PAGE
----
Nov. 8 (Bloomberg) -- Orange-juice futures climbed to a three-week high on speculation that cool weather in Florida, the world’s second-largest citrus grower, will threaten crops. Cotton and sugar rose, while cocoa and coffee slid.
Temperatures in Florida’s orange groves may drop as low as 41 degrees Fahrenheit (5 Celsius) on Nov. 14, or more than 10 degrees below normal lows for this time of year, Anthony Chipriano, a meteorologist with MDA Weather Services in Gaithersburg, Maryland, said today in a telephone interview. Brazil is the world’s leading orange producer.
“This is a reminder to traders of what can happen during the colder months in January and February,” Fain Shaffer, the president of Indianapolis-based Infinity Trading Corp., said in an e-mail. “Speculators buy ahead of the frost season.”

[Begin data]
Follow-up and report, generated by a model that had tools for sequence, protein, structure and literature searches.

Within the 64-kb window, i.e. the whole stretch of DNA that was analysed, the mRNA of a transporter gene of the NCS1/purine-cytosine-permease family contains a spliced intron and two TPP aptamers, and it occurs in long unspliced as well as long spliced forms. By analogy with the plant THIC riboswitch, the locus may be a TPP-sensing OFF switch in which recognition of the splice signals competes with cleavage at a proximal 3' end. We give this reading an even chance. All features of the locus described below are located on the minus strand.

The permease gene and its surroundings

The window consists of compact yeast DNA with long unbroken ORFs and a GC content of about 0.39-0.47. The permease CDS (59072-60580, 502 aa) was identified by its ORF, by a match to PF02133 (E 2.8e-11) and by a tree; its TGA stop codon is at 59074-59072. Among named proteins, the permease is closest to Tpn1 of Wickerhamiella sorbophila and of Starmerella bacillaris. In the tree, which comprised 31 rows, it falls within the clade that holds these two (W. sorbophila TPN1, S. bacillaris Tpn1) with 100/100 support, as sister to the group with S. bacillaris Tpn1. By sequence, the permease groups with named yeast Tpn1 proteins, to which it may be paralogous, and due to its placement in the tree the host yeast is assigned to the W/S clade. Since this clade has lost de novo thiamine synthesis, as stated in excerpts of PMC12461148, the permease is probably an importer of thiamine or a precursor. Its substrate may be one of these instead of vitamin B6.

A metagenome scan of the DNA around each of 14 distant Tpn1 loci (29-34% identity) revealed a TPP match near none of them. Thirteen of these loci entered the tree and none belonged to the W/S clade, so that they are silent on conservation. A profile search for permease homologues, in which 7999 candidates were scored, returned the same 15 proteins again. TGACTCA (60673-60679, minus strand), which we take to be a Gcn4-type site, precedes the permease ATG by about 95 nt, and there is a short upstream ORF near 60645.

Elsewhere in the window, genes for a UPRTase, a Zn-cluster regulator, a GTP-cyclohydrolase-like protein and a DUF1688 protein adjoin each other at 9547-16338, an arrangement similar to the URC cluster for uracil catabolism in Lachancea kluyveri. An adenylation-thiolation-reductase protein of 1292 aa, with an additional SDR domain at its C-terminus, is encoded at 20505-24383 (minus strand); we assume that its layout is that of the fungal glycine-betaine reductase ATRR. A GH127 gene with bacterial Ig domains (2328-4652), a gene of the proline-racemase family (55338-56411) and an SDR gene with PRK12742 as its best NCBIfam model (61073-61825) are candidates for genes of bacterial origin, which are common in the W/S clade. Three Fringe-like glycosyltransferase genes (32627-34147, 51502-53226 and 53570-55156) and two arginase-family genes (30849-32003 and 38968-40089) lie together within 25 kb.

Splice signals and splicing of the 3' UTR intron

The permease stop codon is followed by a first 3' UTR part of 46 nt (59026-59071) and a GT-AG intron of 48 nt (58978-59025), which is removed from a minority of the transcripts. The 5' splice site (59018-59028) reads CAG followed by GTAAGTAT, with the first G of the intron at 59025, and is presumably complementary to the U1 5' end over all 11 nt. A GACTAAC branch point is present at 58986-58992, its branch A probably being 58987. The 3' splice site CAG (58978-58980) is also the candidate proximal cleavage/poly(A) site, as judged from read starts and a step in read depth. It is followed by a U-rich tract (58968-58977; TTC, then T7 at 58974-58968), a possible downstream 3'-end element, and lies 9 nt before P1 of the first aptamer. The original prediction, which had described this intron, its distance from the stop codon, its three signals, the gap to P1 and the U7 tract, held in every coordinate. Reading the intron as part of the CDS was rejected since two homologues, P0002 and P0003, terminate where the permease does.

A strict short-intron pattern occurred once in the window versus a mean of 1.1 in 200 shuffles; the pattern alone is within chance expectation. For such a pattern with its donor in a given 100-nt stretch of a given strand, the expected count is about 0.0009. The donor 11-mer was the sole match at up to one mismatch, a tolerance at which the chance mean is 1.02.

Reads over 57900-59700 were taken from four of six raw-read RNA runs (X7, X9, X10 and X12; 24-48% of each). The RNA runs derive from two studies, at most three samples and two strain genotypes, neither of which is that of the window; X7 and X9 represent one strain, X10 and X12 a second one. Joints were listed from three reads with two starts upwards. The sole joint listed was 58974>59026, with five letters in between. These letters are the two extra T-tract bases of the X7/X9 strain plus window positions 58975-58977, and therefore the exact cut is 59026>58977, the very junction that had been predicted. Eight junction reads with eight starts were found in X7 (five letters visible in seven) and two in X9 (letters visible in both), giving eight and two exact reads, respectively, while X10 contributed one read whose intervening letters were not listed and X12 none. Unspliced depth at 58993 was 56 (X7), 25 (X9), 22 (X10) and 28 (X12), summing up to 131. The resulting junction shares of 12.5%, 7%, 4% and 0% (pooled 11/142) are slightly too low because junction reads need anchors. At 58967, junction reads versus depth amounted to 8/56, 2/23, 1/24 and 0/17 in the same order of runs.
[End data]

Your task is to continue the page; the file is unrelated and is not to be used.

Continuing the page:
Orange juice for January delivery added 0.9 percent to $1.26 a pound at 11:05 a.m. on ICE Futures U.S. in New York, after reaching $1.2695, the highest for a most-active contract since Oct. 15. Prices may climb to $1.30 in the near term, Shaffer said.
Cotton futures for December delivery advanced 0.6 percent to 77.22 cents a pound on ICE.
Raw-sugar futures for March delivery rose 0.1 percent to 18.05 cents a pound on ICE.
Cocoa futures for March delivery declined 0.8 percent to $2,672 a metric ton, heading for the third straight loss.
Arabica-coffee futures for December delivery slipped 0.1 percent to $1.0385 a pound.
To contact the reporter on this story: Marvin G. Perez in New York at firstname.lastname@example.org
To contact the editor responsible for this story: Steve Stroth at email@example.com